Ijerph 09 03711 g003 1024

2.1.4. As Adsorption by MNPCs under Aerobic Conditions

For MNPCs, adsorption experiments were only performed under aerobic conditions since MNPCs are prepared in an aerobic environment. The adsorption capacities were even higher than those of MNP (Figure 4). At lower concentration ranges, 100 to 5,000 μg·L−1, the removal of As(III) and As(V) is 91.7–97.7 % and 89.6–97.4 %, respectively. For higher concentration ranges, 5,000 to 25,000 μg·L1, the removal rates dropped to 33.0–38.6%. Even so, these removal rates are still higher than those of MNPs under aerobic conditions. The variation of these adsorption data is significantly larger than those of MNPs.

Ijerph 09 03711 g004 200
Figure 4. Adsorption of As(III) and As (V) by MNPC under aerobic condition. Empty rhombus represents As (III) and empty square represents As(V). Error bars indicate CI 95%.

Click here to enlarge figure

Figure 4. Adsorption of As(III) and As (V) by MNPC under aerobic condition. Empty rhombus represents As (III) and empty square represents As(V). Error bars indicate CI 95%.
Ijerph 09 03711 g004 1024

2.2. Discussion

For MNP synthesis, two different methods were tried, i.e., microemulsion and coprecipitation [18,19]. According to our experience, the coprecipitation method is much easier in operation and the cost is about 95% less than microemulsion method on bench scale. Heating in a temperature-controllable sonication bath not only resulted in more monodisperse and smaller particle sizes but also increased the production up to hundreds of grams per batch. Unlike the documented coprecipitation method requiring high ionic strength [18], our method can readily make MNPs with a mean aggregate diameter of 3.02 nm at low ionic strength. This smaller size renders the nanoparticles superparamagnetic that allows the particles to disperse themselves in liquid, which is very favorable in adsorption applications [12,14]. From the TEM micrograph in Figure 1a, one can see the uniform size distribution of the resulting nanoparticles. After a mild probe sonication, the shape of the nanoparticles cannot be clearly imaged under a 120 KeV TEM. Since probe sonication usually breaks the weak chemical bonds such as hydrogen bonds, ionic bonds, and hydrophobic interactions [20], the actual size of the particles may be less than 1.0 nm. Dynamic light scattering measurement was also performed, but no consistent results could be obtained. Such measurement discrepancies has been reported for MNPs by other researchers [21].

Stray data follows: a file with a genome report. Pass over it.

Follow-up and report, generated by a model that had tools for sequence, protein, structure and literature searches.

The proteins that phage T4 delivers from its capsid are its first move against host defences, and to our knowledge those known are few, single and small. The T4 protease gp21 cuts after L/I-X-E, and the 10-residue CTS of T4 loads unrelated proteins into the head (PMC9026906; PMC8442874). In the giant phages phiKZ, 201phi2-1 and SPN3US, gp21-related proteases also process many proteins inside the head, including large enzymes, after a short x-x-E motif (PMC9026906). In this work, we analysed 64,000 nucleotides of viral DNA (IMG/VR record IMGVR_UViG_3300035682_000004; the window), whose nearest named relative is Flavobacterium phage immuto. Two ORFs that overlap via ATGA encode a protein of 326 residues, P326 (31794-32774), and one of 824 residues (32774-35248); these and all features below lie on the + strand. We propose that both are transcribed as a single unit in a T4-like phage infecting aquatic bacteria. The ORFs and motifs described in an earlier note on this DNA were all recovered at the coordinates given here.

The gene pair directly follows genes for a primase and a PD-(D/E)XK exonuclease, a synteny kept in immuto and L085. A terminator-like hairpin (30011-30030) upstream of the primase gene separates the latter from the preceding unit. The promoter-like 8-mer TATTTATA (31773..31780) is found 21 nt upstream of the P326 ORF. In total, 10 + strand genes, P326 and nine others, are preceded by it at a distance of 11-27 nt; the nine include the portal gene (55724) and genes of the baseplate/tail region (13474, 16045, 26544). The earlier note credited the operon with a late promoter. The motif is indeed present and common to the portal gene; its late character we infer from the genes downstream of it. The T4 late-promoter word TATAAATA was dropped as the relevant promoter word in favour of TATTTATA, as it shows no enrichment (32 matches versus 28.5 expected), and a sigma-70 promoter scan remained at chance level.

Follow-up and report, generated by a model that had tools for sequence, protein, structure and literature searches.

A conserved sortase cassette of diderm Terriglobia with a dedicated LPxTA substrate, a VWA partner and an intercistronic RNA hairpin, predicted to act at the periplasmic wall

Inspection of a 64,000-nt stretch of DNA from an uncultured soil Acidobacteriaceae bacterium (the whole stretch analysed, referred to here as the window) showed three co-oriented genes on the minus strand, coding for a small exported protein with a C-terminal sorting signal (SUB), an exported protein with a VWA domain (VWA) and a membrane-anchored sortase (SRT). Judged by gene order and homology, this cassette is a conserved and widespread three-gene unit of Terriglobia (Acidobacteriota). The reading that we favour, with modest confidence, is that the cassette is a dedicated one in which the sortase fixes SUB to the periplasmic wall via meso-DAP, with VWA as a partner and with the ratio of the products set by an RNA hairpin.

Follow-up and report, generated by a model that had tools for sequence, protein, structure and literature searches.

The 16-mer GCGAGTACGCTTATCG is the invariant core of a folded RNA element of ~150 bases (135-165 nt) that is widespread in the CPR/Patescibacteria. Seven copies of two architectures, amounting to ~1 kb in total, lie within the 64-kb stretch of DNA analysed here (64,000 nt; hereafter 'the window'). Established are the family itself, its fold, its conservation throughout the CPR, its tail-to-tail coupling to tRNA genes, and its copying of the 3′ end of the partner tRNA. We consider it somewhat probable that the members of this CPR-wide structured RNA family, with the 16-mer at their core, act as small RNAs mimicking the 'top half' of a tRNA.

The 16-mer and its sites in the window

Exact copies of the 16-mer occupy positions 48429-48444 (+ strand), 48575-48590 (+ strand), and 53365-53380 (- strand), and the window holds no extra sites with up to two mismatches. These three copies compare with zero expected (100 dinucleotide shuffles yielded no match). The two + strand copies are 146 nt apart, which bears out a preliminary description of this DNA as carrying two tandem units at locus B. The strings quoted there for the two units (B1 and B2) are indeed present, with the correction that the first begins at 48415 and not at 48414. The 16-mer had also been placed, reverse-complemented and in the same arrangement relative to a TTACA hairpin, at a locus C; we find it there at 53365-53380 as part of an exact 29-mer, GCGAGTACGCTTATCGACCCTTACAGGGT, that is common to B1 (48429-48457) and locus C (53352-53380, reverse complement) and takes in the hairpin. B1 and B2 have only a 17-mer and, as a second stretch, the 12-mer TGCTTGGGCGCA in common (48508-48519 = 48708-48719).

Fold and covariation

Among all tests, under anaerobic conditions, the highest adsorption capacity of MNPs on As(III) and As(V) are 168.8 mg·g−1and 206.9 mg·g−1, respectively, The adsorption capacity on As(V) are the highest in the literature for magnetite [11,13,14,22] (Table 1). Comparing to the reported adsorption capacity of iron oxide nanoparticles with sizes less than 20 nm at pH values around 8.0, the MNPs in this study appeared to have higher adsorption capacity than larger particles. Even though the measured SSA of the MNPs in this study was not as high as other nanoparticles of similar or larger sizes, their adsorption capacity appeared to have no negative impact. One plausible reason is that the actual SSA may differ from that measured on a BET instrument. The dried aggregates in the solid phase used for the measurement may have smaller SSA than the dispersed nanoparticles in the liquid for adsorption reactions. A simple calculation could be done by using the measured SSA and the resultant site densities are in the range of 13.3 and 25.2 sites nm2, which is not reasonable when comparing with the recently published data based on the analysis by extended X-ray absorption spectroscopy (EXAFS) [11,23,24,25]. According to the EXAFS analysis, the theoretical maximum site density is eight sites per square nanometer on the [111] facet of magnetite or maghemite nanocrystals. This site density is much lower than the value calculated by using the sorbed As on measured SSA in this study. If all facets were considered and the probability for the defects existence on different facets is taken into account, the average site density will be less than two sites per square nanometer [11]. Therefore, the BET measurement probably has underestimated by at least 6.65 to 12.6 times the SSA of the MNPs synthesized in this study. In other words, the actual SSA of MNPs should be at least 438 m2·g1. Another reason for the high adsorption capacity of ultrafine MNPs than that of 20-nm or larger MNPs is the unique superparamagnetism property of MNPs smaller than 16 nm [14] that allows them to be dispersed in water instead of forming chain-like structures or other aggregation forms. Thus, MNPs smaller than this critical dimension, 16 nm, are expected to have much higher adsorption capacity.